No one likes playing in a game where the rules are constantly changing. The coach can't effectively plan if a play is allowed in the first quarter, then penalized in the fourth. It's the same way in business. Companies need to have a clear picture of what's allowed. Otherwise they're stuck in a holding pattern, unable or unwilling to hire, because they don't know what changes they might have to make to meet new regulations from year to year.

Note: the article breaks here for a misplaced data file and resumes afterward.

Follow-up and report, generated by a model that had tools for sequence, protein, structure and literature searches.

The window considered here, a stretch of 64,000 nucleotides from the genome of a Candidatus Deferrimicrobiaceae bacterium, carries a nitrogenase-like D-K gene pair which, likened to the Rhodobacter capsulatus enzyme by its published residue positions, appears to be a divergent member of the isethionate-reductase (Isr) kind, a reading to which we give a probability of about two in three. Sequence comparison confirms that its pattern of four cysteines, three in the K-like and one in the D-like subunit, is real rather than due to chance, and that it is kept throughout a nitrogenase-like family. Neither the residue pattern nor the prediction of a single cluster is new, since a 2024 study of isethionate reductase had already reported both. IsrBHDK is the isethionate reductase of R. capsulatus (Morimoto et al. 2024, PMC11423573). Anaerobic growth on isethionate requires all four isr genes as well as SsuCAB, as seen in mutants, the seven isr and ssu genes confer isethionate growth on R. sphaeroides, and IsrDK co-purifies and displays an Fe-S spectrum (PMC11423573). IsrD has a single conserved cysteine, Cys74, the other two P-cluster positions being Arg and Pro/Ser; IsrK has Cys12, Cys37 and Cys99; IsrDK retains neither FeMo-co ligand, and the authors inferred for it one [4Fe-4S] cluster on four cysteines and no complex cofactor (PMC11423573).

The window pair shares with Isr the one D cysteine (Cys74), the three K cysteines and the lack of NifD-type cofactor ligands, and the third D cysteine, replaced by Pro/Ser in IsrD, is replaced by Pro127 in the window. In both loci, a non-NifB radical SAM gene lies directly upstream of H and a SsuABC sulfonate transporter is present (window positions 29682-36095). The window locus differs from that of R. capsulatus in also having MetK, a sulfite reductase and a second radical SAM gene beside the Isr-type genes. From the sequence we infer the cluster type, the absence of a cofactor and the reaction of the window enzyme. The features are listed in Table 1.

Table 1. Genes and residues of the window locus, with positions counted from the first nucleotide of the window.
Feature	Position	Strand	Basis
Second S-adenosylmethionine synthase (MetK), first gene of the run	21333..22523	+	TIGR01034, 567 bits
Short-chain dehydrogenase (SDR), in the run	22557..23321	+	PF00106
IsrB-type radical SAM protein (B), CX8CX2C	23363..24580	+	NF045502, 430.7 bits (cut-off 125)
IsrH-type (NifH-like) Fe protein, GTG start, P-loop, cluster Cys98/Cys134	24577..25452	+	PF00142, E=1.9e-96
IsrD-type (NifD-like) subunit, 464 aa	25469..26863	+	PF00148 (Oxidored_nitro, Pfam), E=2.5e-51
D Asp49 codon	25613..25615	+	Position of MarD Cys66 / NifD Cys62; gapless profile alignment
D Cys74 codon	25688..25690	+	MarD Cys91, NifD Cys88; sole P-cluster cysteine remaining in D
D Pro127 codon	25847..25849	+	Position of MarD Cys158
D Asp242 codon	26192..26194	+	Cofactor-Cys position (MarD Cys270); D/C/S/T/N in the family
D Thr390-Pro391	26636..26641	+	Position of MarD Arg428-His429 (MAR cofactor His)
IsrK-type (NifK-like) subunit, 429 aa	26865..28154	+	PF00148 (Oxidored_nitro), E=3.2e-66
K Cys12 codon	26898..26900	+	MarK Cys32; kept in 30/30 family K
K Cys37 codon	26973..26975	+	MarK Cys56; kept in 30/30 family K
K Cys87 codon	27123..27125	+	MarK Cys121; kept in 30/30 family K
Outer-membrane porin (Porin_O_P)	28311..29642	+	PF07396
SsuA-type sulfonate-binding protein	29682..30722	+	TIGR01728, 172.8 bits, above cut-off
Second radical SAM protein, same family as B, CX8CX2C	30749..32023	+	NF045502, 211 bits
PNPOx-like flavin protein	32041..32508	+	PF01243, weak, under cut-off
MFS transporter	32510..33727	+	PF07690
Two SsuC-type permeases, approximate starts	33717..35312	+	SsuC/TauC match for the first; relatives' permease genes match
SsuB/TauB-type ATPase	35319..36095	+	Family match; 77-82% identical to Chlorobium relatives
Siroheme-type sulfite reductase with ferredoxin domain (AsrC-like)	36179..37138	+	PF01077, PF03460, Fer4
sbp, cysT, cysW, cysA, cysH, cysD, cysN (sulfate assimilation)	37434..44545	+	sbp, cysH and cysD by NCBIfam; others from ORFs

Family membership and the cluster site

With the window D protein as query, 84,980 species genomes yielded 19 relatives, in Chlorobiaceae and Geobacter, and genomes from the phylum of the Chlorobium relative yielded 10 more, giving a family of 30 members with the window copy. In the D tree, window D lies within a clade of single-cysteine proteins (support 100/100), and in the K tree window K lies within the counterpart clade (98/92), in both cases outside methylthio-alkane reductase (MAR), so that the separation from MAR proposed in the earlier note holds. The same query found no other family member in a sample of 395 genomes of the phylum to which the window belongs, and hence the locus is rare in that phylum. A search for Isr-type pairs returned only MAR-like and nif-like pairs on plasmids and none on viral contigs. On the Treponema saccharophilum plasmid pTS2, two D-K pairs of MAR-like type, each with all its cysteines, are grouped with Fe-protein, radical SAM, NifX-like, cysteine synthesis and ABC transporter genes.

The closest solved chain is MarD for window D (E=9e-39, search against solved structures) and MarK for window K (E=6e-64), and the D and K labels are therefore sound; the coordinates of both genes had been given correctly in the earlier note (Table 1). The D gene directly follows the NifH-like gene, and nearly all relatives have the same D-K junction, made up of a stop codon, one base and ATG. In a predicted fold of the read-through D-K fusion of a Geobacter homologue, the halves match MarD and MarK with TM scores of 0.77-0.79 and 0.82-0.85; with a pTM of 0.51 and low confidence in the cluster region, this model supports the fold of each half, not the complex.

“Give me the rules, interpret them the same every year and we'll be ok.” That was how Bill Saxman, owner of Shenandoah Spring Water, answered Virginia Attorney General and candidate for governor Ken Cuccinelli when asked how the state and federal government could help his business. There was no request for incentives, no demand for tax cuts. All Saxman asked for was consistency, to help him plan. He told Cuccinelli that if six different inspectors came to his company in six straight years, they would each give different interpretations of the regulations and how to follow them. Those differing opinions cost the company money, as each time he has to bring things into compliance.